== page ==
So, as you can hopefully tell, intriguing work is being done on the neurological impacts of listening to music but also the potential ways in which music can actually be used as part of clinical treatment or as a therapeutic tool. So now maybe investing in that Spotify subscription is not a bad idea…

Bor D., Duncan J., Wiseman R. J., Owen A. M. (2003). Encoding strategies dissociate prefrontal activity from working memory demand. Neuron 37, 361–36710.1016/S0896 6273(02)01171-6

Chevreau, Priscilia & Nizard, Ingrid & Allain, Philippe. (2017). Retrieval of memories with the help of music in Alzheimer’s disease. Geriatrie et Psychologie Neuropsychiatrie du Vieillissement. 15. 309-318. 10.1684/pnv.2017.0689.

Fang, R., Ye, S., Huangfu, J., & Calimag, D. P. (2017). Music therapy is a potential intervention for cognition of Alzheimer’s Disease: a mini-review. Translational neurodegeneration, 6,2. doi:10.1186/s40035-017-0073-9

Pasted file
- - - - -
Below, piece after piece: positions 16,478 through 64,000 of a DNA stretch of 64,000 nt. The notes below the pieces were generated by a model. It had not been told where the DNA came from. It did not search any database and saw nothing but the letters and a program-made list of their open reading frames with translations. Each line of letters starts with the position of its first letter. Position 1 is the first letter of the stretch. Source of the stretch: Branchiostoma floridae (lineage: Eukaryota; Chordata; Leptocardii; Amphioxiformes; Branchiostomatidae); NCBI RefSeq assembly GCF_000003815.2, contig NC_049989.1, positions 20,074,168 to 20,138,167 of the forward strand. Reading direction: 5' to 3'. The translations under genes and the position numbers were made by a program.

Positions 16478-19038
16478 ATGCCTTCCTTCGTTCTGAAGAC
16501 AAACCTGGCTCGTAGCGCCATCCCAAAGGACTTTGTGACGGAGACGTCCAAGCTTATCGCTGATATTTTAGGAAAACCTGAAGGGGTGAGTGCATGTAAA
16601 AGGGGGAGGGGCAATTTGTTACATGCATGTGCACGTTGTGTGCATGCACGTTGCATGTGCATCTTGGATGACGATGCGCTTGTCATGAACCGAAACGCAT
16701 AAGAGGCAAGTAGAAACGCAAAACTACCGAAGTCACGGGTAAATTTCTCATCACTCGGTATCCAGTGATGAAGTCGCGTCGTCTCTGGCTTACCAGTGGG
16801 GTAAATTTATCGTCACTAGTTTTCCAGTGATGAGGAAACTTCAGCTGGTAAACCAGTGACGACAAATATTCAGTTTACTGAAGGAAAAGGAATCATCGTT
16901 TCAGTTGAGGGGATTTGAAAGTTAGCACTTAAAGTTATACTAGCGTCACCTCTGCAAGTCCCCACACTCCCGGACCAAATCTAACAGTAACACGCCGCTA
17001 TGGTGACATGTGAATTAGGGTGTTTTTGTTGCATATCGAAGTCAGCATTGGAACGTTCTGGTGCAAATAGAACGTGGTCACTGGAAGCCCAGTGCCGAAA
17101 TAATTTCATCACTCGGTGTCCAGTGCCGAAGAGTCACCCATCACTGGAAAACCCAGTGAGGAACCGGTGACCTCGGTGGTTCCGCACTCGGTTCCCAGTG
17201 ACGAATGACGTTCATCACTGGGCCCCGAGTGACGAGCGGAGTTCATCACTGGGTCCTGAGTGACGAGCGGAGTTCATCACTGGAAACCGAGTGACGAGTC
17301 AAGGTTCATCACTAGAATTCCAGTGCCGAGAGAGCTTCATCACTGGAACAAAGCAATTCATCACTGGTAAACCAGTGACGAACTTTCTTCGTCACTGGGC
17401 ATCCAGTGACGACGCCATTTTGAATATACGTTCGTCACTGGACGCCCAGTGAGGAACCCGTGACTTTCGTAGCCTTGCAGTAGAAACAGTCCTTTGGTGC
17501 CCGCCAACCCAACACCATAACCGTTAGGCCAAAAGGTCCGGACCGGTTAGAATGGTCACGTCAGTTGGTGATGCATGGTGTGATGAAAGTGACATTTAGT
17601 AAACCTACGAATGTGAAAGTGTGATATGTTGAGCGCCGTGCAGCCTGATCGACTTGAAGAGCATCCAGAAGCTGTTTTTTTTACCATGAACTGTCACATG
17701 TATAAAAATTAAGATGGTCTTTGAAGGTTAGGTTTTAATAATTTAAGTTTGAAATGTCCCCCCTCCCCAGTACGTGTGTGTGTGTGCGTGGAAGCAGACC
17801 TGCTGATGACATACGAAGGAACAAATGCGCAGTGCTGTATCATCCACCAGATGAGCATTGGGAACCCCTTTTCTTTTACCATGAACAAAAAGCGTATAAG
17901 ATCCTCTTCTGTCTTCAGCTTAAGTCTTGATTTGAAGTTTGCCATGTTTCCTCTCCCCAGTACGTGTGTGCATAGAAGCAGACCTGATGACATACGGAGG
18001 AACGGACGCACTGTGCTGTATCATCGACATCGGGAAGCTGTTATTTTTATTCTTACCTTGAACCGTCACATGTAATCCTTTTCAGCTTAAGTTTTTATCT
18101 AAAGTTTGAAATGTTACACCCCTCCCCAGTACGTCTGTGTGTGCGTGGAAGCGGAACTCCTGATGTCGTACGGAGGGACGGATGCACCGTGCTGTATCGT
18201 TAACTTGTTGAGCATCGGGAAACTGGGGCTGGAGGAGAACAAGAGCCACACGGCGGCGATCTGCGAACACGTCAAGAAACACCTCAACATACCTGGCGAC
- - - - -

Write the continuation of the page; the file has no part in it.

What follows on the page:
Ferreri, L., Bigand, E., Perrey, S., Muthalib, M., Bard, P., & Bugaiska, A. (2014). Less Effort,Better Results: How Does Music Act on Prefrontal Cortex in Older Adults during Verbal Encoding? An fNIRS Study. Frontiers in human neuroscience, 8, 301.doi:10.3389/fnhum.2014.00301

Hallam S, Price J, Katsarou G. (2002). The effects of background music on primary school pupils’ task performance. Educ Stud. 28:111–122. doi: 10.1080/03055690220124551.

Husain G., Thompson W. F., Schellenberg E. G. (2002). Effects of musical tempo and mode on arousal, mood and spatial abilities. Music Percept. 20 151–171. 10.1525/mp.2002.20.2.151